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“Misa Spanglish: Music and Worship Without Borders”: Honors Capstone Project brings culture to Woods Theatre

On Saturday, Apr. 6, junior Emily Loscialpo presented “Misa Spanglish: Music and Worship Without Borders” for her Honors College Capstone Project at Woods Theater at 1:30 p.m. This project combined her passion for her major, the Spanish language, and music.

Loscialpo has shown her love of music and the arts over the years by being on Blue Hawk Records’ 22nd compilation album “Exit 22” and by hosting a Latin music radio show called “Nuestros Sonidos Latinos” in Spring 2023. Loscialpo has now merged her musical interest with her passions for her major and her religious heritage to create a capstone project that she is more than passionate about.

Loscialpo explained, “I love this major because it blends my passion for languages—especially Spanish, which I worked to become fluent in during high school—with media such as radio. I also have been able to pursue projects like this one, bringing the cultural aspect of music into the mix.”

This mass showcases traditions seen here in America as well as in other countries that Loscialpo has been to, such as Mexico and Argentina.

“To me, this is the culmination of years of study in the fields of musical composition, global music, cultural awareness, and language use,” she said. “It blends the different passions I have had throughout the years, and I am really proud of the way it demonstrates the versatility of my experience here at Monmouth. It is truly moving to hear my music performed by a group of talented musicians come to life, and to then consider the cultural and unique impact this work could have on audiences.”

Loscialpo added, “In addition, I noticed that in the U.S., churches that offer services in both languages do so at different times, dividing the communities into two different segments based on language. I thought it would be beautiful if I created a work that could unite these communities, not only by utilizing Spanglish but also by blending aspects of the distinct musical styles I noticed in attending masses at churches around the world.”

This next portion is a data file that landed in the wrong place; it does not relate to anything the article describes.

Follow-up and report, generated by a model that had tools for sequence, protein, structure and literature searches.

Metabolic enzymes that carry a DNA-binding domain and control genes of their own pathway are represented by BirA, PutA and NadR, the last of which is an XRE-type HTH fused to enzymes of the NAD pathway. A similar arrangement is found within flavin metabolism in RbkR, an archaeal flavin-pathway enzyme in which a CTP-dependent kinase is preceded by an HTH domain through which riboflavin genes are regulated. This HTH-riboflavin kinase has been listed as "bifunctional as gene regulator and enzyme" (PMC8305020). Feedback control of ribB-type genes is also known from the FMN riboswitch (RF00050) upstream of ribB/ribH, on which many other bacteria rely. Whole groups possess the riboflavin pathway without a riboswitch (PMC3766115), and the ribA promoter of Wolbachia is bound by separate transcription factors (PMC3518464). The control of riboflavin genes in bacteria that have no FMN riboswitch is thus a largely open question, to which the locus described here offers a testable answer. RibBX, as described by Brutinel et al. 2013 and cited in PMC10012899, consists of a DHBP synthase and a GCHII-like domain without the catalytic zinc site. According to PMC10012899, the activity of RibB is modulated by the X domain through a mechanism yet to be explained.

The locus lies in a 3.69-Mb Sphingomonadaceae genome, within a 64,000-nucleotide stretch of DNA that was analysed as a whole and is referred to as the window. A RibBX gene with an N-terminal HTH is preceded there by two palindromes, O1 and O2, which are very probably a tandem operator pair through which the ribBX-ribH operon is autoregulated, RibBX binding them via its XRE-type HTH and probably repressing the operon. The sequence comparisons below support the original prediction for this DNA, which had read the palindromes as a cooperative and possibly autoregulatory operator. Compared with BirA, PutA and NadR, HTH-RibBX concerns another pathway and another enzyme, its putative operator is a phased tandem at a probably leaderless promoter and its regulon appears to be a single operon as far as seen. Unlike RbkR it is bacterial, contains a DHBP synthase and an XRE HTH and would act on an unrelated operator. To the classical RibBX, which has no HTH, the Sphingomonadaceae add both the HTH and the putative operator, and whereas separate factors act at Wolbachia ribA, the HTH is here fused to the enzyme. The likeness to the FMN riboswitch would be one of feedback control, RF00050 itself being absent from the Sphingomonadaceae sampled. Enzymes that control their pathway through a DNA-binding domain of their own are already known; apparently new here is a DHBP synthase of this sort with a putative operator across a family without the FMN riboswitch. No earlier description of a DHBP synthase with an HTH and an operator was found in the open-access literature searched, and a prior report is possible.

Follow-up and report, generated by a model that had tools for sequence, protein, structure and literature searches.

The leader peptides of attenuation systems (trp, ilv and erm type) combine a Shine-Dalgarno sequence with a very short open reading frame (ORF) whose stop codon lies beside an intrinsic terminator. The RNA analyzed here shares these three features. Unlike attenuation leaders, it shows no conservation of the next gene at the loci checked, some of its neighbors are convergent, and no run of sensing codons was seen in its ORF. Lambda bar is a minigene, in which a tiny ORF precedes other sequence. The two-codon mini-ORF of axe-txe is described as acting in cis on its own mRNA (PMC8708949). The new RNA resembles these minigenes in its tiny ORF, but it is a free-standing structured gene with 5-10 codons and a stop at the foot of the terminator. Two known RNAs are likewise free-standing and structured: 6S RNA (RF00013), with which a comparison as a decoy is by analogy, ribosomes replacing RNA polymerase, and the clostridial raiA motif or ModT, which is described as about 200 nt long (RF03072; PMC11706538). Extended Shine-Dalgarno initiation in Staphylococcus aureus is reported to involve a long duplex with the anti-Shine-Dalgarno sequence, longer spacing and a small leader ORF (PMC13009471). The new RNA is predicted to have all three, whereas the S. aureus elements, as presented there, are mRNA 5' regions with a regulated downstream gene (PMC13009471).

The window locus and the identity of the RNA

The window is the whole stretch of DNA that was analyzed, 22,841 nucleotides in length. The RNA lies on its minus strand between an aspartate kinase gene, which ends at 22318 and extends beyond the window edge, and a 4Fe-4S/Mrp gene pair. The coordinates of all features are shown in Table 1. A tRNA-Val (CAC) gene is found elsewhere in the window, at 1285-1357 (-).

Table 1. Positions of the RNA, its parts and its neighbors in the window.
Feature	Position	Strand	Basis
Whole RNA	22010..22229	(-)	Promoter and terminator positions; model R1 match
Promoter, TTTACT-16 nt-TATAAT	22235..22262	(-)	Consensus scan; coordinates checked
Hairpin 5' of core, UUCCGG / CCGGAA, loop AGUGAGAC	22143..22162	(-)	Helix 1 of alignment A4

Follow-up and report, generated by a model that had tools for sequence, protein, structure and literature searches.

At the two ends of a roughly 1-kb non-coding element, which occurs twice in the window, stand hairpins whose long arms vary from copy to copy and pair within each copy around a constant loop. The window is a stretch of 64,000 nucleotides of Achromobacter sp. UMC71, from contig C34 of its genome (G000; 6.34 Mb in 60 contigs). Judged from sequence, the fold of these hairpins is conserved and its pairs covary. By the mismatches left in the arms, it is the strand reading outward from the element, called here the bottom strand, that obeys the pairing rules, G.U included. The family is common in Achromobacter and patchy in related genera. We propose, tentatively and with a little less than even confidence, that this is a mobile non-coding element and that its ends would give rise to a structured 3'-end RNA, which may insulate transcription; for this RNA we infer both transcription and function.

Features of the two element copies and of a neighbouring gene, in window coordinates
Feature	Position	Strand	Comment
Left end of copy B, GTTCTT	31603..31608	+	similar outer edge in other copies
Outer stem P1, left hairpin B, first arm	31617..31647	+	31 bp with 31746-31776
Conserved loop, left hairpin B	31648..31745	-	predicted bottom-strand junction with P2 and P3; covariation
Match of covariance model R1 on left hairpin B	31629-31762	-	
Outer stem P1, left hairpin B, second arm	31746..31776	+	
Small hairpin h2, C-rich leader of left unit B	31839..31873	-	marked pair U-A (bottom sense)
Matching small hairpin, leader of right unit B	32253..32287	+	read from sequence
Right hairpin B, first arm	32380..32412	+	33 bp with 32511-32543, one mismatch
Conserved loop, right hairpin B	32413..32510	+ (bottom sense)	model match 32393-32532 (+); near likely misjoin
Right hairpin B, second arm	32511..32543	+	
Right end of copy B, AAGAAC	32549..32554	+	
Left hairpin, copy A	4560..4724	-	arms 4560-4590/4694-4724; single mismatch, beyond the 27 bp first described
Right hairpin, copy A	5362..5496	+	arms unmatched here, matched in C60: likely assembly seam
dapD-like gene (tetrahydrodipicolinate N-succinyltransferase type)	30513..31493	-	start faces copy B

This project was the effort culmination of Loscialpo and Priscilla Gac-Artigas, Ph.D., Professor of Spanish and Latin American literature, and Jonathan McElroy, Ph.D., Instructor of Music and Theatre Arts. Along with Loscialpo, there were other performers joining her on stage to assist with the performance including Tim Pakrad (junior English major) on vocals, Samuel Carrol (junior music industry major) on acoustic guitar, and Yardelie Cabral, a Brookdale student who performs at one of the churches Loscialpo has connections to.

According to Gac-Artigas, this performance is an amalgam of many cultures and heritages. She said, “The performative portion, including bilingual songs and texts that blend multicultural roots, stands out as crucial. It prompts intergenerational and multicultural community bonds more than the thesis itself. Nonetheless, her research is thorough and well-documented. The bibliography is both current and comprehensive, showcasing her meticulous research methodology. The project encompasses both theoretical insights and performative elements, each complementing the other to present a holistic view of its necessity and potential impact.”

Though the event was only around an hour long, many people had to put in hard work to make the performance pitch perfect. “The most difficult part of this process was blending the two texts in Spanish and English in a cohesive way, while still respecting the norms and traditions of each language and culture,” said Loscialpo. “I had to strike a balance between making the music beautiful and complex while also making it accessible and memorable enough to encourage participation by a theoretical congregation of parishioners, as well. However, I am truly proud of the result and hope my vision for these pieces resonates with audiences of all cultural, religious, and linguistic backgrounds.”